Added Value by Fast and Robust Conditioning of Structural Surfaces to Horizontal Wells for Real-World Reservoir Models
- Vegard R. Stenerud (Statoil ASA) | Hans Kallekleiv (Roxar Software Solutions) | Petter Abrahamsen (Norwegian Computing Center) | Paal Dahle (Norwegian Computing Center) | Arne Skorstad (Roxar Software Solutions) | May Hege Aalmen Viken (Statoil ASA)
- Document ID
- Society of Petroleum Engineers
- SPE Annual Technical Conference and Exhibition, 8-10 October, San Antonio, Texas, USA
- Publication Date
- Document Type
- Conference Paper
- 2012. Society of Petroleum Engineers
- 5.1.2 Faults and Fracture Characterisation, 5.1.8 Seismic Modelling, 5.6.9 Production Forecasting, 5.5 Reservoir Simulation, 5.1.5 Geologic Modeling, 5.5.8 History Matching
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Structural updates for a complex reservoir model require time-consuming manual work, therefore, updates are rarely performed. This leads to an outdated model that gradually loses its predictability. Eventually, this results in model breakdown, and a new model must be built from scratch. Continuously updatable reservoir models avoid this and increase the value of models as a tool in decision making. In addition, easily updateable structural surfaces enable several structural realizations for spanning the uncertainty.
We present the use of a method for fast and robust updates of structural surfaces in reservoir models. We will focus on updates using zone data from horizontal wells (zone-log conditioning), since this traditionally has been a bottleneck that needs tedious manual work prone to error. In zone-log conditioning, we try to generate horizon surfaces that honor the geological zonation along the well paths. This is important for property modeling, and is crucial for fluid-flow simulations. Our method is robust, fully automated, and is built on a consistent mathematical framework that includes specified input-data uncertainties. It has provided satisfactory results for large real-world reservoir models where standard methods and work processes have failed. The field example presented shows a reduction from 22.9 % to 0.9 % in incorrectly honoring of the zone logs by applying this method rather than the standard approach. The remaining 0.9 % is due to conflicting data, gridding errors, and is difficult to get rid of even with manual editing. We consider this a large step forward with respect to providing an up-to-date basis for decisions that also can account for structural uncertainties.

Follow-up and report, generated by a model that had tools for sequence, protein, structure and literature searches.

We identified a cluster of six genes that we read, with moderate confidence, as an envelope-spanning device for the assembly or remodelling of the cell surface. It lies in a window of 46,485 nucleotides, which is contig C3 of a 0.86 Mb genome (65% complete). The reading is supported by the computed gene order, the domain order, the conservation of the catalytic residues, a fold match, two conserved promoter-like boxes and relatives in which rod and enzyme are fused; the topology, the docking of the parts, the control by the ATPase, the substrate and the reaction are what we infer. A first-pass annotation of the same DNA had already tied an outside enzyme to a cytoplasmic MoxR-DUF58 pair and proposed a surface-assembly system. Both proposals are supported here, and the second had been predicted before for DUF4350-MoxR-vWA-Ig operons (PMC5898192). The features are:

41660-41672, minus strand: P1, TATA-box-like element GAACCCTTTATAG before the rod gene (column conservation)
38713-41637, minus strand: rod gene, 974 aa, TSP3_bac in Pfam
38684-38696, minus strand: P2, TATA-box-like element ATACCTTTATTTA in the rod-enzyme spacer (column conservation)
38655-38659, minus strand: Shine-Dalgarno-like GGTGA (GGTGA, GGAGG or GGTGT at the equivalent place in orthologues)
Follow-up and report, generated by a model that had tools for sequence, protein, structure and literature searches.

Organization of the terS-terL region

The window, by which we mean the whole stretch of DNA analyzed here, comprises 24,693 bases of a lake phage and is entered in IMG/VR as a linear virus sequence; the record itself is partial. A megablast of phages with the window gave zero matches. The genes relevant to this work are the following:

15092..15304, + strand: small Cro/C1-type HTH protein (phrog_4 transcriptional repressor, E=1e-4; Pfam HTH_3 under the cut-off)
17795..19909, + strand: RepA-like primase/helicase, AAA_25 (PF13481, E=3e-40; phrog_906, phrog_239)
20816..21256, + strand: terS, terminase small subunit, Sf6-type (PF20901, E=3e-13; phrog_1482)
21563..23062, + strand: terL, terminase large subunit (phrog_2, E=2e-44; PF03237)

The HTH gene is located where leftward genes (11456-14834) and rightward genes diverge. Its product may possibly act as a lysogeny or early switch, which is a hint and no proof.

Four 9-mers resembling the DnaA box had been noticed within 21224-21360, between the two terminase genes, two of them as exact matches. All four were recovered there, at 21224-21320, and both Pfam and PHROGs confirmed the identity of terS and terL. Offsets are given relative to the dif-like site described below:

It is well known that building models for reservoirs with long horizontal wells targeting specific zones can be challenging and tedious. The main challenge in using standard approaches is that the well paths frequently end up in incorrect zones within the reservoir models. Having the well paths located in the intended zone is important when properties are populated from wells and is crucial for flow simulations. A lot of work is put into interpreting the correct zonation in wells, and lots of manual editing and dummy data is typically required to get a satisfactory match in the structural models. Moreover, new or modified well data may require significant additional work to update the structural model. A robust and automated approach is therefore essential for maintaining up-to-date reservoir models and flow simulations.
Modern reservoir-modeling software allows the whole modeling workflow to be run in batch. This makes it possible to update the model in an automated fashion by updating the input data and then re-running the workflow. It is therefore easy to study the effect of changes in the input data and thereby screen sensitivities. To get every step of the model update into an automated workflow requires much effort but it yields a reservoir model better suited for continuous decision making and the need to re-do the modeling job from scratch disappears. The automated workflow also allows us to span the structural uncertainty by generating alternative realizations of the reservoir model. Such realizations may be used to calculate volume uncertainties, to assess production-forecast uncertainties, or for big-loop history matching. Automated reservoir-modeling workflows have been demonstrated by Zachariassen et al. (2011a, 2011b) and Skjervheim et al. 2012 for two different fields offshore Norway. An important component was the automated approach for locating the well paths into the correct zones. We will describe that approach in this paper.
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